Encrypt secrets with pass

Use pass to encrypt and store passwords locally

There are many password managers available that provide the convenience of storing your passwords in the cloud such that you can access them from any device.

The problem is that you are trusting a third party when you don’t need to, not to mention that simply accessing secrets from a mobile device drastically increases your attack surface.

In case it isn’t obvious, state-sponsored hackers aggressively target not only these cloud platforms but also all of the popular mobile devices that access them.


Firstly, make sure you have pass installed. You can install it with:

yay -S pass --noconfirm

And be sure to have gpg set up and installed. If you need help with that, check out the GPG recipe or this article Encryption without an App.

Then initialize pass with:

pass init <your-gpg-key>

This will set up pass to use your GPG key for encryption. You can find your GPG key with:

gpg --list-keys

Use a value that resembles 6B1D731B17C1F02FF6F4372E246CFC8282B671CF for <your-gpg-key> above.

Use pass

pass is a dead-simple, command-line, password manager that uses real encryption (via GPG) to encrypt and store passwords locally.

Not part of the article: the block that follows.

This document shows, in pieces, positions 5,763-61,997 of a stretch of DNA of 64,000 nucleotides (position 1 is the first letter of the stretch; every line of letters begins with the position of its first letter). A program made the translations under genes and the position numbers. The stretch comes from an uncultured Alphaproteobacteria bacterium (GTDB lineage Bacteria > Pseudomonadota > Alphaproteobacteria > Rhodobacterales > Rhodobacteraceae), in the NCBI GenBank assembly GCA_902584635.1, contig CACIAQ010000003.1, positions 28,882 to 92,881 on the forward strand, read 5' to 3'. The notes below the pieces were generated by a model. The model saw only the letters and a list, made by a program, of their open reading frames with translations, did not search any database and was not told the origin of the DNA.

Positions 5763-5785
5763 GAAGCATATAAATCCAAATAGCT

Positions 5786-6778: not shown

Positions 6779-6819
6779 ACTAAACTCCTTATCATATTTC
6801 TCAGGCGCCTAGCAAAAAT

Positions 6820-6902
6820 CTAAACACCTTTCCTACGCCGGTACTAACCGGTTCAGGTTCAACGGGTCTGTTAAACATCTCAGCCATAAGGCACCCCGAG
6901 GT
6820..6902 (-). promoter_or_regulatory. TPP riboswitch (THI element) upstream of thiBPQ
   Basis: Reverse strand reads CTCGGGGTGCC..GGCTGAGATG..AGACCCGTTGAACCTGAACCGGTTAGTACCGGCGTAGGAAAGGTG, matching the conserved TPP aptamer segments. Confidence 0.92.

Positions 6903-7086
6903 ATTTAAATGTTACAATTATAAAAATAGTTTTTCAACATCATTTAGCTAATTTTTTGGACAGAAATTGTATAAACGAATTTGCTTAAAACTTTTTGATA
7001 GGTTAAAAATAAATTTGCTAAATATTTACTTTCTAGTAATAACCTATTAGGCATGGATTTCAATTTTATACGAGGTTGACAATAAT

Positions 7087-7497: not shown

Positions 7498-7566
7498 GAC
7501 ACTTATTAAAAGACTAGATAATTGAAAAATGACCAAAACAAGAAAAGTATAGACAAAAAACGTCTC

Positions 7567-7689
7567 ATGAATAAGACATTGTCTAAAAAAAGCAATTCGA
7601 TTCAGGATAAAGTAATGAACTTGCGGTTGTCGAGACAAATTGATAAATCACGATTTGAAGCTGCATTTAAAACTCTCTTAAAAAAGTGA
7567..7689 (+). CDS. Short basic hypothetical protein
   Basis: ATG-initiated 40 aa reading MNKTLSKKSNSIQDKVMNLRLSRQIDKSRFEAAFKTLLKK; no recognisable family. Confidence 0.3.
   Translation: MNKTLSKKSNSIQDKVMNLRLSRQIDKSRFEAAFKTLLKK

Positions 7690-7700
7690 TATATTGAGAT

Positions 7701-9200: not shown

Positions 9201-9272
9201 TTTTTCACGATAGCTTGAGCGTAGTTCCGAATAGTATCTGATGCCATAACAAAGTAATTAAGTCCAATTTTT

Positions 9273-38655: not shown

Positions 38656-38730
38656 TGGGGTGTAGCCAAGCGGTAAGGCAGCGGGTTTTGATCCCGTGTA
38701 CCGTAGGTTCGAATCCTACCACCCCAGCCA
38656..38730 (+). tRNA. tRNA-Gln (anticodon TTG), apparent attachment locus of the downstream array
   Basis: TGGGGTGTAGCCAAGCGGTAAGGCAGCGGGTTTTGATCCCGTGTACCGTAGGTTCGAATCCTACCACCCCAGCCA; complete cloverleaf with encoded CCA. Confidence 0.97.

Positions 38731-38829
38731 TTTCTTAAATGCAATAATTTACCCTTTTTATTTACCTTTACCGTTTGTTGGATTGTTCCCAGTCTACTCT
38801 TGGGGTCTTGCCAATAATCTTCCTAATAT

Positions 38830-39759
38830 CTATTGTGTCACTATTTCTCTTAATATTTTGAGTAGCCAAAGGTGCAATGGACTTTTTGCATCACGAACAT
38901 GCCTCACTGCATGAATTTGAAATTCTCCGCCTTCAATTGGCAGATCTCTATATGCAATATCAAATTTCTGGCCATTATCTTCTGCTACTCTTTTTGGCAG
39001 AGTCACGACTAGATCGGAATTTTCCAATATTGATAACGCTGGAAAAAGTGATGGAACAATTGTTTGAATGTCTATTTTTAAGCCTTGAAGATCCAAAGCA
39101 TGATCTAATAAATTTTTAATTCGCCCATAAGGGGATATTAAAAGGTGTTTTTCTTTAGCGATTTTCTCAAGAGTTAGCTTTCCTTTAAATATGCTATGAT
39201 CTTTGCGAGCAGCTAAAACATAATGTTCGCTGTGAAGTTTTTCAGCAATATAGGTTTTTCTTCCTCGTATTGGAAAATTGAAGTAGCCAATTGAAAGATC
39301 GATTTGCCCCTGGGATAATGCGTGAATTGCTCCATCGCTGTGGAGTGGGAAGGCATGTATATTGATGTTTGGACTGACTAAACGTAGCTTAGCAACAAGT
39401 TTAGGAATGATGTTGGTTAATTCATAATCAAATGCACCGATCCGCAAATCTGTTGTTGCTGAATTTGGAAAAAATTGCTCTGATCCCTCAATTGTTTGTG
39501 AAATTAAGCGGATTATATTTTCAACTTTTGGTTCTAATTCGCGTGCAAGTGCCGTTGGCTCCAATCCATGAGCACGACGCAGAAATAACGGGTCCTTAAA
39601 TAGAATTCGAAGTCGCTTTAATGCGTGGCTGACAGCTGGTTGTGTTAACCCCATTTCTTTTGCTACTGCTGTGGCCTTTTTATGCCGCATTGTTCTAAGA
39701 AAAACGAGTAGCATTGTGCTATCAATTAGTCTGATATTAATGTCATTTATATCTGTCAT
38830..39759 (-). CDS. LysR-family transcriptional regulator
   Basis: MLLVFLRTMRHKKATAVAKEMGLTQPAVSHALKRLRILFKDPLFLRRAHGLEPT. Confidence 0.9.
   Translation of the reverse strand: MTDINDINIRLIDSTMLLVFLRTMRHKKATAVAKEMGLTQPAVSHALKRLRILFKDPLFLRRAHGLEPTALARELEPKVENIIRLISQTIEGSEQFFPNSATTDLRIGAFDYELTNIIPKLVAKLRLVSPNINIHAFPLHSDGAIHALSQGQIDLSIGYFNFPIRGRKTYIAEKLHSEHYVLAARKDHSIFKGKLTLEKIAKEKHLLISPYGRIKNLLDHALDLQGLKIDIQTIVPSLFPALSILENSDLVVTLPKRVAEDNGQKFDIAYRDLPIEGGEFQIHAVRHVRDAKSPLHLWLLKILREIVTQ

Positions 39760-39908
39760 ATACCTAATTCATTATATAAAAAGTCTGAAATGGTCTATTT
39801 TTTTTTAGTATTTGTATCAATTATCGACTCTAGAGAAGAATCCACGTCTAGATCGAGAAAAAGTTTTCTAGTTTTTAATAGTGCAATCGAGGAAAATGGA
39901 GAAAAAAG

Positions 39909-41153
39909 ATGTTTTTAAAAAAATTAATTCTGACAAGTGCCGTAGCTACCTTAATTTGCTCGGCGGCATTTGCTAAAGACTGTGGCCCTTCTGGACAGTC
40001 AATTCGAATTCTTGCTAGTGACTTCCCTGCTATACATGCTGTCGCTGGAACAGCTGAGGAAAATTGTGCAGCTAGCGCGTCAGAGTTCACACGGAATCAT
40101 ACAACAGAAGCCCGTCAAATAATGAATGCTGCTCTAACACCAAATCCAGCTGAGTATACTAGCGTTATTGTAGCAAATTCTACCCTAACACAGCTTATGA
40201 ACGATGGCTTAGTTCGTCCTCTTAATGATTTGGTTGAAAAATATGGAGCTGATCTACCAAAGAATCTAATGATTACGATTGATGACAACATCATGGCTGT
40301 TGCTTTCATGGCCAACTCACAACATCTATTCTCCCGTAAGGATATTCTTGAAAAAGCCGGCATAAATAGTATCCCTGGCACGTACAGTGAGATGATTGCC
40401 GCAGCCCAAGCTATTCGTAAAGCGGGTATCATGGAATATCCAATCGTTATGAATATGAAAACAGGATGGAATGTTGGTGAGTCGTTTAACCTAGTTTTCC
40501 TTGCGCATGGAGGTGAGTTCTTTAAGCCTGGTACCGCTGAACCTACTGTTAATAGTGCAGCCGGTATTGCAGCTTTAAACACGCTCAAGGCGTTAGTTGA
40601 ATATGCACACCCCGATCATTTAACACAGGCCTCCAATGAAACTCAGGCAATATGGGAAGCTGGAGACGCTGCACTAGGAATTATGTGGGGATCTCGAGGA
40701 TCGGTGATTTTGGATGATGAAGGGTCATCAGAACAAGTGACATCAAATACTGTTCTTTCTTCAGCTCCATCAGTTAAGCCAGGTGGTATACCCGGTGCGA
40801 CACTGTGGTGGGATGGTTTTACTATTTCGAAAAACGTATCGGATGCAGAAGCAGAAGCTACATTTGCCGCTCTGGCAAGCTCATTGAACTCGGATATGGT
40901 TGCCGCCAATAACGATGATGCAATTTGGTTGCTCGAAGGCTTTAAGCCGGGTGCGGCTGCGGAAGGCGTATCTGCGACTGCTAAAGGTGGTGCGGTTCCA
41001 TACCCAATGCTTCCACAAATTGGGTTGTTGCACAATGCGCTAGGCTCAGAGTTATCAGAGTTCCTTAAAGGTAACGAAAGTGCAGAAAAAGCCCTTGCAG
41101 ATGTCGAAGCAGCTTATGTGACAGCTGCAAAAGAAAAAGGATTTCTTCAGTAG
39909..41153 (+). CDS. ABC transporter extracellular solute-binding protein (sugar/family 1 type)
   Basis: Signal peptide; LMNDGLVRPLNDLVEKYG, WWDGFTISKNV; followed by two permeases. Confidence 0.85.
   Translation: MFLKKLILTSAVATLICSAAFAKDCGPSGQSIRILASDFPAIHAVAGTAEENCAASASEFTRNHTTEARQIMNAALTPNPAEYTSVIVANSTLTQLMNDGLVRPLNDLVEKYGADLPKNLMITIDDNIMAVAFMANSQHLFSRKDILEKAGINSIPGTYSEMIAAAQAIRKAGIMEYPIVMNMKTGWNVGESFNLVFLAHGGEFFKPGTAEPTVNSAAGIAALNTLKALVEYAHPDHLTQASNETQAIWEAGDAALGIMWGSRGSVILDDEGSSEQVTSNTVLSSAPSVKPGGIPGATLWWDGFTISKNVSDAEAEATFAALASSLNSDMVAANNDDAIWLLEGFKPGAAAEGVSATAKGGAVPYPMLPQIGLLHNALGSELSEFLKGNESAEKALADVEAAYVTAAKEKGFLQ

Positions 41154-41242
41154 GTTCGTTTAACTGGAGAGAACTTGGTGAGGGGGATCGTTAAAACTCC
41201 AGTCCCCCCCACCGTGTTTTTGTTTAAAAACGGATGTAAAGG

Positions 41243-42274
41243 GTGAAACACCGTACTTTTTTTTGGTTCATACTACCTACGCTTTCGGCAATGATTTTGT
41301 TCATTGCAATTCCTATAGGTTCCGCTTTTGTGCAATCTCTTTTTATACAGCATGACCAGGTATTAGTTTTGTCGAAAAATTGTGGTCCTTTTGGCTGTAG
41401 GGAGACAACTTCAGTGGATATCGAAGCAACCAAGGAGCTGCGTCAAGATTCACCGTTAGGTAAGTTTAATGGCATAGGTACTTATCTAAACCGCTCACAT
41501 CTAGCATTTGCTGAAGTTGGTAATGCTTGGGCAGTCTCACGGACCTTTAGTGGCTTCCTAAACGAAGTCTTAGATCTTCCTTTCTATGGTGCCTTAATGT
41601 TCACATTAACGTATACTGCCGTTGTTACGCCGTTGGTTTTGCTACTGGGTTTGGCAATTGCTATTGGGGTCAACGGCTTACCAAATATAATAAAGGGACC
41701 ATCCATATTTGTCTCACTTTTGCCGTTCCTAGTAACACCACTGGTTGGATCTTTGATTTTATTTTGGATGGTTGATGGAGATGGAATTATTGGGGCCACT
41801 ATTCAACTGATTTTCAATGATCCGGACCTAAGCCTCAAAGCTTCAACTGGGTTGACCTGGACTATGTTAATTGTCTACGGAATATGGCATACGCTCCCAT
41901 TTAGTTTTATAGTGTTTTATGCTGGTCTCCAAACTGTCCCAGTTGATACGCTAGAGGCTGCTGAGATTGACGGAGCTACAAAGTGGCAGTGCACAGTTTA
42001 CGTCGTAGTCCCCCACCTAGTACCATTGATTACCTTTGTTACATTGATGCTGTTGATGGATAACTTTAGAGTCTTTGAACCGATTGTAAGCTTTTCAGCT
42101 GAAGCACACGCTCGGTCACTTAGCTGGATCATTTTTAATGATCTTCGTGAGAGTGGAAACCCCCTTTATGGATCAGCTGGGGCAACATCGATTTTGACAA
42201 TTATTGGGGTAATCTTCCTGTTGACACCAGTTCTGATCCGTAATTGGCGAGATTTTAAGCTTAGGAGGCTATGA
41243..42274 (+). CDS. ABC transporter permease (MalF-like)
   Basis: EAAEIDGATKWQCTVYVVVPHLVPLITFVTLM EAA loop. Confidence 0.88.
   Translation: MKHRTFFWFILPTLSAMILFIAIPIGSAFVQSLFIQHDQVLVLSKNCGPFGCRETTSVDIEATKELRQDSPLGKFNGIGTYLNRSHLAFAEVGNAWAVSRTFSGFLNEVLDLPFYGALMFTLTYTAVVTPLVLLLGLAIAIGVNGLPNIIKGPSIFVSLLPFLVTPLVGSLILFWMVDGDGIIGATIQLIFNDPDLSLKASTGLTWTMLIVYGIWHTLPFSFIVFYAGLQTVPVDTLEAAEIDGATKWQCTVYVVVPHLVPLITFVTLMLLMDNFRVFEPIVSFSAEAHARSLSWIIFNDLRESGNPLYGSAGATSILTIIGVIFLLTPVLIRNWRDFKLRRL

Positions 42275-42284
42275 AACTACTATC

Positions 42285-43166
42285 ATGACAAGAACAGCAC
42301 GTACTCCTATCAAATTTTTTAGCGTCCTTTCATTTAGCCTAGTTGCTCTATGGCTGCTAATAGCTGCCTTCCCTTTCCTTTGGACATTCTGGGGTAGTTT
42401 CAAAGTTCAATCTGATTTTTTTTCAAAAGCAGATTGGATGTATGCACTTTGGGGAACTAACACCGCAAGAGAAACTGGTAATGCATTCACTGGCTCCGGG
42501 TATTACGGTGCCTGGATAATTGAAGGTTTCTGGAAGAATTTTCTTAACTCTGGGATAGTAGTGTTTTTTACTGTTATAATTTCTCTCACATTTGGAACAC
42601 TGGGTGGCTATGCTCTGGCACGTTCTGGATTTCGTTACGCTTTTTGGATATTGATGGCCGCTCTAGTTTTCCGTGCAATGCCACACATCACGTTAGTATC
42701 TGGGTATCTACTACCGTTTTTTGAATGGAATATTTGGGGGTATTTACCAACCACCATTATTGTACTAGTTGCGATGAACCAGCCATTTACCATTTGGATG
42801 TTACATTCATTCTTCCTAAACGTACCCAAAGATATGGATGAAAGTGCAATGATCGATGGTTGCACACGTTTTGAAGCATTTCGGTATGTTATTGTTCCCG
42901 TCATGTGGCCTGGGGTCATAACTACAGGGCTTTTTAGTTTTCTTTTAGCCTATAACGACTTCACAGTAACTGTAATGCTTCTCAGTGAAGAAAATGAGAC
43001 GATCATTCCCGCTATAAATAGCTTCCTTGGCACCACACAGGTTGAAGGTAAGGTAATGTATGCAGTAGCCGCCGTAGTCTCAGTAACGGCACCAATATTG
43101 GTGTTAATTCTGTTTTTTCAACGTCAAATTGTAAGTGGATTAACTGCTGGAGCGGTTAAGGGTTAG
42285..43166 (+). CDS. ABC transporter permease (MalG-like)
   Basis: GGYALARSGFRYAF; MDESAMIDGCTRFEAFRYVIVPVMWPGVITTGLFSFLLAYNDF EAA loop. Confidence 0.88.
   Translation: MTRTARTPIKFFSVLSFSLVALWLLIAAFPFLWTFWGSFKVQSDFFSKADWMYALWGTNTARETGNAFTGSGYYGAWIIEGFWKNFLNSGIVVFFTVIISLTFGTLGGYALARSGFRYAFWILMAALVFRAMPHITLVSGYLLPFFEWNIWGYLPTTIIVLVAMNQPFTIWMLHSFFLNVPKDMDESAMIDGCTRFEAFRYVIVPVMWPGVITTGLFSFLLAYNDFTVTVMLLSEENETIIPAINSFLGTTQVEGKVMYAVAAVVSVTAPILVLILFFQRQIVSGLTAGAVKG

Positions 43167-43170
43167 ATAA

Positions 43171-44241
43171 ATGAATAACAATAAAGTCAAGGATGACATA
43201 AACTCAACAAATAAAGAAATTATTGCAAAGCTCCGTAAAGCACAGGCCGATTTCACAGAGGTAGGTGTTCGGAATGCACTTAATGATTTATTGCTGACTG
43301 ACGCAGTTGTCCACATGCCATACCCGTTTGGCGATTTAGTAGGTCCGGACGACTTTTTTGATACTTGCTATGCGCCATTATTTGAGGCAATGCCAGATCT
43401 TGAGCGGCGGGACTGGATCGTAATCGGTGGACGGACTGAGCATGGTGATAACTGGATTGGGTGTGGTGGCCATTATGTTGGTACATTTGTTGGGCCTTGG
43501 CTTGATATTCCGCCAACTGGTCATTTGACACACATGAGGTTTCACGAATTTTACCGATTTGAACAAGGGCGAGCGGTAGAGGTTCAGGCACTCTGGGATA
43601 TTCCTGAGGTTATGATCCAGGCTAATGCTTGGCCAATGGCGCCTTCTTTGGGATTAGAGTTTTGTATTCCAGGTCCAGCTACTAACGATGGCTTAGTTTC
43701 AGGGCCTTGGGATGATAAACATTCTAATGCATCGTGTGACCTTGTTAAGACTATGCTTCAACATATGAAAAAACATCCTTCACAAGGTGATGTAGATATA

The basic form to store a password is:

pass add <name>

This will prompt you for a password and store the value you enter, encrypted in ~/.local/share/password-store<name>.gpg.

When you want to retrieve the password, you can use:

pass <name>

This will prompt you for your GPG passphrase and then output the password to stdout (in your terminal).

Practical Tips

If you want to practice invaluable password hygiene, you can use passgen to generate a strong password and then store it with pass.

Use a unique password for each service you’re registered to online. This way, if your account at one service is compromised, the attacker won’t be able to use the same password to access your other accounts. Think of all the critical services you use online: email, bank, social media, etc. Be sure to never share the same password between them.

If you aren’t following this advice already, then from this day, from this hour, from this minute, let us strive to protect our accounts online.

Last modified April 18, 2024: 04/18/24 10:49:41 (20e8de2)